Gun-rights advocates have delivered a one-two punch to the city of Chicago.
The first blow came on Jan. 6 when a federal judge ruled the city’s longtime ban on gun stores was unconstitutional.
On Thursday, the second blow landed when the judge approved $940,000 in legal fees that the city must pay to the attorneys who challenged the ban. Charles J. Cooper, one of those plaintiffs’ attorneys, charged $975 an hour for his work.
Cooper, whose law firm Cooper & Kirk is based in Washington, is also looking for a big payout from the state. He submitted a $618,000 bill for work he and other plaintiffs’ attorneys performed in a gun-rights lawsuit against Attorney General Lisa Madigan.
But Madigan is fighting the bill, calling the fees “excessive” and “inflated” and arguing that he didn’t even win the case.
The lawsuit against Chicago was filed in 2010 by an Illinois offshoot of the National Shooting Sports Foundation. The plaintiffs included three Chicago residents who own guns.
Earlier this year, U.S. District Judge Edmond Chang agreed with the plaintiffs that the city’s ban on gun stores was unconstitutional. He gave the city until July 14 to draft regulations for gun stores. The City Council approved tough rules in late June.
On Thursday, Chang approved the plaintiffs’ attorneys request for $940,000 in legal fees and expenses, saying they and city agreed to the amount after “extensive and good-faith conferral.”
“Too often the conferral still leaves many unnecessary disputes over which the parties litigate, and the fees and costs spin into satellite litigation on their own,” Chang said. “The additional litigation becomes expensive. Not so here.”
John Holden, a spokesman for the city’s Law Department, stressed that the plaintiffs’ attorneys were seeking almost twice as much money as they will get.
“The plaintiffs’ lawyers initially presented billings totaling $1.7 million in fees for their work on the case. The City’s Law Department vigorously opposed plaintiffs’ claimed fees, and the plaintiffs ended up requesting the far lesser amount of $940,000. As expected, the court approved this greatly reduced amount,” Holden said.
Mayor Rahm Emanuel’s administration chose not to fight the ruling that the gun-store ban was unconstitutional. The city didn’t want to run up even more legal bills, sources say.
But Richard Pearson, executive director of the Illinois State Rifle Association, said he anticipates a legal challenge to the city’s new rules, which would keep gun stores out of 99.5 percent of the city.
“The ordinance is prohibitive,” he said.
Holden said the city has received one “general inquiry” about opening a new gun shop, but no formal applications. Pearson said he recently advised a man to “think carefully” about his plan to open a gun store in the city.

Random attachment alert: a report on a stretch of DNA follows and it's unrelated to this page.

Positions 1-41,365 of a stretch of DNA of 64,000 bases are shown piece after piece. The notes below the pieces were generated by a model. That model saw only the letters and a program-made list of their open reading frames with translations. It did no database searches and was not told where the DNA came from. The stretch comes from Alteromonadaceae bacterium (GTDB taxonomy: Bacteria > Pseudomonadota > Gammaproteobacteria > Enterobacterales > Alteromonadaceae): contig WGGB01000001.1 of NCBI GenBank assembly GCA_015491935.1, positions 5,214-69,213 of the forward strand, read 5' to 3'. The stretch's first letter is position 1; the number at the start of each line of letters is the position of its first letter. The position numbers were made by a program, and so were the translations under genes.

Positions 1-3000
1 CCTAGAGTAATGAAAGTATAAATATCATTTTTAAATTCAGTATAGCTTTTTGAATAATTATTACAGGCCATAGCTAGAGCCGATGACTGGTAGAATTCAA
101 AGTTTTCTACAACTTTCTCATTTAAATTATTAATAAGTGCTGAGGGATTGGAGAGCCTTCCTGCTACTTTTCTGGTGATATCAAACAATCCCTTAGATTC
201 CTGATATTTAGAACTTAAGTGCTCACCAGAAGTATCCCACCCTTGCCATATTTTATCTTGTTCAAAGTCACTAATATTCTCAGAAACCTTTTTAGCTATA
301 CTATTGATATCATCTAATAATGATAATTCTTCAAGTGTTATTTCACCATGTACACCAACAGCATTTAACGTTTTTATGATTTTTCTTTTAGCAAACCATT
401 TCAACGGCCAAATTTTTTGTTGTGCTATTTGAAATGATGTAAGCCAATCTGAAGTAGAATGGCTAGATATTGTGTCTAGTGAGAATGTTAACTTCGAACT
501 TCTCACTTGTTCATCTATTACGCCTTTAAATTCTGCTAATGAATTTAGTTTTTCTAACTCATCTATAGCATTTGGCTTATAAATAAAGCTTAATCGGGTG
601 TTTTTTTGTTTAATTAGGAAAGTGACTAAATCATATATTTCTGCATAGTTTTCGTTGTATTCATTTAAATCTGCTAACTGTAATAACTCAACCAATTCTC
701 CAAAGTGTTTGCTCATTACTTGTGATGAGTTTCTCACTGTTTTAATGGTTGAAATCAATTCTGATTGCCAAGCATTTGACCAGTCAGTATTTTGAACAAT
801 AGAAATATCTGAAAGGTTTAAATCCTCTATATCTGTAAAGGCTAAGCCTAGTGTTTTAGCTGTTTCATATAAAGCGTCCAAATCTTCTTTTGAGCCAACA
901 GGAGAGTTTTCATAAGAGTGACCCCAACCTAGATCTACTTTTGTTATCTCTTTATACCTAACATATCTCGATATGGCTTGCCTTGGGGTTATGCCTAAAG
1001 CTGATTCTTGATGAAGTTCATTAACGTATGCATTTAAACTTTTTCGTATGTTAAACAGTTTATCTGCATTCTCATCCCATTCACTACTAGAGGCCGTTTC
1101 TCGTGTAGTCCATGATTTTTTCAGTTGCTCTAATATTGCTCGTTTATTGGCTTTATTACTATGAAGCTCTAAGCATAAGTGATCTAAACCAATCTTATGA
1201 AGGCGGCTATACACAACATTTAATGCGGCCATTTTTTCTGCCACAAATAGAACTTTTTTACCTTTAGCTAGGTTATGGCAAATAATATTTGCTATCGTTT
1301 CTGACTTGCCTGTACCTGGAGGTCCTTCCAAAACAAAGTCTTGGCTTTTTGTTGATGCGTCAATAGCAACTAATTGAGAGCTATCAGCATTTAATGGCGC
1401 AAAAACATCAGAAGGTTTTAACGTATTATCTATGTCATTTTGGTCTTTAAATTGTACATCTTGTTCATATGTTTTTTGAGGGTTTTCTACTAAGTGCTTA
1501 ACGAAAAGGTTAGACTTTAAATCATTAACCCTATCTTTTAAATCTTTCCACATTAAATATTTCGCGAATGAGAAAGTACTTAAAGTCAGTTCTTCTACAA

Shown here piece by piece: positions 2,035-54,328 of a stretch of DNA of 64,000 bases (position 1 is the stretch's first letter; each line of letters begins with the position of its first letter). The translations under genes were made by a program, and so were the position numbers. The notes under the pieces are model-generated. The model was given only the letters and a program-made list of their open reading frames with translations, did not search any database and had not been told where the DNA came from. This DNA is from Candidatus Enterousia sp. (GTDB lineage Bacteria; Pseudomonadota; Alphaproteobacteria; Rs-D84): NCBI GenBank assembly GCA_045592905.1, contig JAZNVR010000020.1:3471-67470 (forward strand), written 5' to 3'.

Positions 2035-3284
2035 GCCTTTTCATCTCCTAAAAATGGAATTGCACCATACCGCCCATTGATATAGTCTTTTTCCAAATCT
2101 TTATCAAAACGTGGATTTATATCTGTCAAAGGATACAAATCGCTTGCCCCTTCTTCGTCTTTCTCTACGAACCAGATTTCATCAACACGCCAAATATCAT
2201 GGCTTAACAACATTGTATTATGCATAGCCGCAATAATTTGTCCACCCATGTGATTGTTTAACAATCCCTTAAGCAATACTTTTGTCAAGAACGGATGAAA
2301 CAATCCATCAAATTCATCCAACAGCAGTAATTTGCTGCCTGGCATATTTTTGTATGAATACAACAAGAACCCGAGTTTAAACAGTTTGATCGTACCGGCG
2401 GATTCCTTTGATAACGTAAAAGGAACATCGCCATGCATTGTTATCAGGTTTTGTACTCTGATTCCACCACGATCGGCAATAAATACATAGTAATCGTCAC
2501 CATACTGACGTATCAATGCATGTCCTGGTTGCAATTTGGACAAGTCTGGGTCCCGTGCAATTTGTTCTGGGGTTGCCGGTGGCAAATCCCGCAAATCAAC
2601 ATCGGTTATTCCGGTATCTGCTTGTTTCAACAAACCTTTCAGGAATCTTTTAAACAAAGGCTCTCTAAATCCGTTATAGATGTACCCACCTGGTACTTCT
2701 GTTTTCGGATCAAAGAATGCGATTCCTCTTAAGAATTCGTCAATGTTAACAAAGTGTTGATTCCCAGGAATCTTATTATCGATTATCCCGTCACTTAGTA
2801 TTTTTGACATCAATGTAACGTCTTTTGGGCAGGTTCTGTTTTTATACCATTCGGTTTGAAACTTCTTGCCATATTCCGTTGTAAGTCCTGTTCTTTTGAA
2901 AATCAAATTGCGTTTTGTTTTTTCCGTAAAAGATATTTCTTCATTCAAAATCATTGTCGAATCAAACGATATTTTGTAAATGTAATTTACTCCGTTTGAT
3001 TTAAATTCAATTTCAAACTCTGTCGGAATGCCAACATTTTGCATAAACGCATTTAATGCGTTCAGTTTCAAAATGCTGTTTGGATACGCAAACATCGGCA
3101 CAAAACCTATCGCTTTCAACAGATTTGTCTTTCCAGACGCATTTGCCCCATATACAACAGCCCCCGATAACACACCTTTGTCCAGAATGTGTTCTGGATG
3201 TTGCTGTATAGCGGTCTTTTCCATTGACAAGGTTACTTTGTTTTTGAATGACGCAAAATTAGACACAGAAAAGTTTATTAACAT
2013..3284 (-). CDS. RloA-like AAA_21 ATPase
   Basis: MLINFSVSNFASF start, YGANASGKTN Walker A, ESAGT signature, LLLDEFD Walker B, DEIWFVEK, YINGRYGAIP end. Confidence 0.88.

“If you look at the hidden costs of opening that store, I don’t know how a person could make a living selling firearms in the city of Chicago,” he said.
Pearson added that he thinks the city wasted its money fighting the gun-store lawsuit.
“I think it would be better to spend that on the educational system,” he said.
Eight plaintiffs’ attorneys, including Cooper, billed the city for about $817,000 in attorneys’ fees and another $122,000 in expenses in the gun-store case.
Cooper — who billed the city for 71 hours of work — charged the highest rate at $975 per hour. He was an assistant U.S. attorney general under President Ronald Reagan.
Chicago attorney Stephen Kolodziej — who billed 103 hours — was at the low end with a rate of $300 an hour.
Meanwhile, Cooper & Kirk is seeking legal fees in another gun-rights lawsuit filed in federal court in Downstate Franklin County near Carbondale.
In 2011, a downstate woman, Mary Shepard, and the Illinois State Rifle Association sued Madigan to keep her from enforcing state laws that prevented people from carrying concealed firearms.
Cooper & Kirk represented the woman, whose contract with the law firm said the National Rifle Association would cover her legal bills.
Last year, the Illinois General Assembly passed a law allowing citizens to carry concealed guns. The law was in response to a U.S. Supreme Court ruling in another case.
A judge then declared Shepard’s lawsuit against Madigan “moot” because the legislature approved the concealed carry law. But the judge never officially ruled in favor of Shepard.
In court papers, Cooper said his law firm still prevailed in the Shepard lawsuit because the state approved the right to carry concealed firearms — a remedy the lawsuit sought.
But Madigan is challenging the $618,000 bill, saying Cooper’s firm didn’t win the lawsuit because a judge didn’t formally rule in Shepard’s favor. Madigan also is fighting the fees on grounds that they’re excessive and the number of hours billed was inflated.